Mason Cycles has unveiled an all new road bike in two flavors, and while Dom Mason is reluctant to call it a gravel bike the new Bokeh is certainly about taking on any road surface quickly. The first new model since Mason’s steel Resolution and alloy Definition disc brake road bikes on which he launched his brand, the new Bokeh aims to be ridden just as fast but when the going gets a bit rougher. The speed element is mostly why he wants to avoid a gravel moniker. Even though it gets the ability to go the Road+ direction with wide, high-volume 650b rubber, Mason calls it an AdventureSport bike as it is still designed to be fast-moving. Take a closer look at how it will be outfitted for your adventure after the break…
First off the two variants of the new Bokeh will be one in aluminum and one in titanium. Dom Mason spent years working for Kinesis designing bikes before he hung out his own shingle, and his alloy bikes deliver a ride quality that far outpaces the affordability you get by building bikes out of aluminum. But if you are looking for an even better ride, what better way to go than switching out to buttery smooth titanium.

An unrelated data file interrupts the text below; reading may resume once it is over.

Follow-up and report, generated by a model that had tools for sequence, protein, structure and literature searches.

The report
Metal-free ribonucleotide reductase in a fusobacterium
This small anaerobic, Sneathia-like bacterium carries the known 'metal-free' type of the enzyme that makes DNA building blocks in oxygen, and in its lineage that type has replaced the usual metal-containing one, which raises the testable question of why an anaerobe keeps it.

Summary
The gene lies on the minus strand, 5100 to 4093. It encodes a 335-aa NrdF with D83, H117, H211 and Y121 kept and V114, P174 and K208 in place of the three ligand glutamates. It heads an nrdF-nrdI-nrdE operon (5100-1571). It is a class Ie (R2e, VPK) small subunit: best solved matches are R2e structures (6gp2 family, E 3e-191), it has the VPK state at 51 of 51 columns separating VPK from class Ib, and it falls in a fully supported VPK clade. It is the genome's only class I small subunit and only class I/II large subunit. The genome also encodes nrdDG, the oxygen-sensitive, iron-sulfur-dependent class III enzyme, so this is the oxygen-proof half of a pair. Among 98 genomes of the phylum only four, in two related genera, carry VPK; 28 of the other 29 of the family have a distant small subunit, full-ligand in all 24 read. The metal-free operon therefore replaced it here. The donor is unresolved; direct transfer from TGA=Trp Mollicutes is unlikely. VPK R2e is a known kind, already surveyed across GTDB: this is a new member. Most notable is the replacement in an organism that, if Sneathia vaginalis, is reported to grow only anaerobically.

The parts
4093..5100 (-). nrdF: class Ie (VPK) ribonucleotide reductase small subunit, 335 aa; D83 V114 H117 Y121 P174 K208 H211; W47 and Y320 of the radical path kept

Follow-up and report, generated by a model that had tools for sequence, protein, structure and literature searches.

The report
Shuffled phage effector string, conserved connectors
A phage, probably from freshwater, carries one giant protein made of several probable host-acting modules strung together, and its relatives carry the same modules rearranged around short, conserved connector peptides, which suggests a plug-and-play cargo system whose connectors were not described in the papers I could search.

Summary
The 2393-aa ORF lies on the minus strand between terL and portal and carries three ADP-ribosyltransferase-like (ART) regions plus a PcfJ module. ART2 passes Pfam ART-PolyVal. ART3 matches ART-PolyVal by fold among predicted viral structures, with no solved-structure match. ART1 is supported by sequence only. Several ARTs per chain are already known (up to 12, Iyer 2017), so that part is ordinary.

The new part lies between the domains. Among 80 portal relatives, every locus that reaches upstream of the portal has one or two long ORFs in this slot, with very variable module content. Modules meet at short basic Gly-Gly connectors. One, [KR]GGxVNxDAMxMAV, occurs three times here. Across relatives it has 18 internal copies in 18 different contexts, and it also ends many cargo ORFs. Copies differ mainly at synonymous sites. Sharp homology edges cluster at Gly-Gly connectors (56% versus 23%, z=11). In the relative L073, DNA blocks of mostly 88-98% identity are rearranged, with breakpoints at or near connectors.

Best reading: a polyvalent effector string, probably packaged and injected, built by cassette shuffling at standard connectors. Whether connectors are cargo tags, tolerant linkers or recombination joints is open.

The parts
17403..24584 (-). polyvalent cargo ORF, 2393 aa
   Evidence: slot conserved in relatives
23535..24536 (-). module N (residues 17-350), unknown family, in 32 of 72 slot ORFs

The bikes were developed as he saw more and more people looking to ride fast both on road and off, looking for a bit of adventure. Basically what happened was that more and more of his customers were riding the Resolution and Definition bikes more off the road, and more with lightweight touring setups. With last year’s TransContinental Race winner Josh Ibbet riding his bikes, it was no stretch to think of doing a bit of bikepacking on Mason’s bikes, but the addition of high volume 650b tires means riders can get farther off road, while staying comfortable on long days in the saddle.
That is essentially what Dom sees as AdventureSport. Ride fast, and don’t be afraid to leave the asphalt behind and head out on the track that takes you somewhere farther than you’ve ever been. And while Josh won last year’s TCR on an alloy Definition, he took off on this year’s event on his new Bokeh Ti, one of the bikes’ last batch of pre-production prototypes. (Unfortunately due to leg cramping issues, Josh has had to withdraw from the current TCR to recover for future events.)